Looking at his native Roero, Stefano has a very clear view now of what he wishes to achieve, and what Roero brings: “Roero is freshness, but with structure. Maybe it is more Valtellina than Barbaresco.” He is battling the law to allow for a wine to be called “Roero Nebbiolo” rather than “Langhe Nebbiolo,” for that very reason - he feels, as we do in tasting his wines that the expression is exquisite and very unique to the region. Not to mention, many equate Roero with Arneis, the local white grape that for most is not held in high regard (outside of a few stellar producers). “Eight hundred hectares all around of each Nebbiolo and Arneis, but for me the focus is Nebbiolo; I make some Arneis, but it is not my focus - it does not keep the ‘Roero’ the way Nebbiolo does, and that is my objective: to keep the Roero, to feel it.”

Viticulture & Vinification

By 2022 the Occhetti winery was in full tilt, his wife quit her work to join Stefano full time, forming a true family winery; “A small team,” Stefano laughs. “Maybe in 2024 we will have a bigger team - one additional hand!” They together farmed 2 hectares, with another full hectare coming on line in 2025. 0.8 of the hectares are within Occhetti, which has been in the family for 80+ years; another full hectare of 70+ year-old vines are in Sanche which is 100 meters from their small house. Across all vineyards the vine age averages 40-50 years. With the old vines, Stefano admits he must continue to learn to be “More respectful, more caring for what I have. I’m not biodynamic, but, you could say I am BD-curious! I just hope to improve every day.”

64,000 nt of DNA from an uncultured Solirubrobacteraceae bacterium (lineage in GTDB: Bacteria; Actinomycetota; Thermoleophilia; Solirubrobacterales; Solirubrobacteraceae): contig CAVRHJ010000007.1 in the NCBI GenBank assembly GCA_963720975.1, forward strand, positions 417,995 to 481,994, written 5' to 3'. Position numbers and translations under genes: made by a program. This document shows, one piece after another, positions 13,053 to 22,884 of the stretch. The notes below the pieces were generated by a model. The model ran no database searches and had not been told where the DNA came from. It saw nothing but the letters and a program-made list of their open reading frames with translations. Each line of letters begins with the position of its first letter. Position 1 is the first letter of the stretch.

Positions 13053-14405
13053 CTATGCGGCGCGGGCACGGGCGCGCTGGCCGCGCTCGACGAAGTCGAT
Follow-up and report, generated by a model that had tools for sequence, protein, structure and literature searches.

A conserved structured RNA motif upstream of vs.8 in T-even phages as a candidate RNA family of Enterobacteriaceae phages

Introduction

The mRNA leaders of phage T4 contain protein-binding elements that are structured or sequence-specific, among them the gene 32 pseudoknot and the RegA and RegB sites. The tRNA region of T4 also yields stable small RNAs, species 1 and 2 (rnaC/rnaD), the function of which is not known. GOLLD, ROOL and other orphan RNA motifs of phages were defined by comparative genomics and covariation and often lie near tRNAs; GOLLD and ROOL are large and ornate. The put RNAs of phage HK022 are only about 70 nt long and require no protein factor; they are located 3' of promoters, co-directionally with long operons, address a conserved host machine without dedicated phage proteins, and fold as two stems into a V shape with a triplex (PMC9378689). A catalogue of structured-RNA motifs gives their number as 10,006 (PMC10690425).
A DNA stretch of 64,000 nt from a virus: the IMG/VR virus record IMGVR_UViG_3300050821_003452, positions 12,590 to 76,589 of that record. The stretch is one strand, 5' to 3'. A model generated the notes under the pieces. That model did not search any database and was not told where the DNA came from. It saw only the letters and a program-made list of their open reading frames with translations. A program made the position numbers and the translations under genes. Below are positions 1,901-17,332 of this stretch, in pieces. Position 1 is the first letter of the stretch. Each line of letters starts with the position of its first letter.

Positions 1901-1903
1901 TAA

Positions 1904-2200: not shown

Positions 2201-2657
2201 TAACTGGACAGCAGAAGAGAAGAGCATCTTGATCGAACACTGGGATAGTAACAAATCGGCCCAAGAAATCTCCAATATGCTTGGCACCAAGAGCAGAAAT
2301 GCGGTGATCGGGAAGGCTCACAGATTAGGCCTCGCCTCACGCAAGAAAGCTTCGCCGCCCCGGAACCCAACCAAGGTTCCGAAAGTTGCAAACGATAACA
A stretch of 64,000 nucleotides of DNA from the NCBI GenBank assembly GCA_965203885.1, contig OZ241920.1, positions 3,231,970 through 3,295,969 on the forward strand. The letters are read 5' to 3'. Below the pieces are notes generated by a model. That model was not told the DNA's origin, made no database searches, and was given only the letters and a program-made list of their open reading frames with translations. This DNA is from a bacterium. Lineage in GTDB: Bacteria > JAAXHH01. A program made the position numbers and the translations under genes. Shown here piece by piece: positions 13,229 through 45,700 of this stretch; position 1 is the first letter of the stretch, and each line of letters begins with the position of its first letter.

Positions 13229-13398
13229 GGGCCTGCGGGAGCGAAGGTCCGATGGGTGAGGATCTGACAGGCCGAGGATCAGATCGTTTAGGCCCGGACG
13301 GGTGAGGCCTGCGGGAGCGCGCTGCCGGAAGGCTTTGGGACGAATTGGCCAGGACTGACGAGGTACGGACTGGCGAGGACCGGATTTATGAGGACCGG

Occhetti is smooth, full of limestone. Sanche is super sandy and steep, to the point that it can not be worked by tractor. This works out, as the rows are only 1 meter apart, the vines tunneling deep into sedimentary soils chock-full of fossils. Cover crops are planted throughout Occhetti but incredibly hard in the sands of Sanche, which he calls “the Rive Gauche of Roero.”

In the winery, all fermentations occur naturally in concrete botti; for the Sanche only, the cap is submerged, as the tannins are lighter and softer given the sandy soils. After moving to large oak barrels, Occhetti will age longer than Sanche, 32 months to 20 for Sanche. The Langhe Nebbiolo was originally aged 20 months, but Stefano has shortened the aging to 16 months, desiring even more freshness.

There’s a gorgeous natural complexity to what’s inside Stefano’s bottles. “When I say I look for complexity, this does not mean just structure or body; it means range of aroma as well - in Roero you can find a wine more complex than others, but maybe not so much of what we call structure.”

We’re introducing the wines of only his third chapter within the story, but Stefano’s a quick learner, and through his own experimentation has started to truly hone his vision for what he wants to represent with his wines, each bottle with that year’s story of the wine written right there for us to read.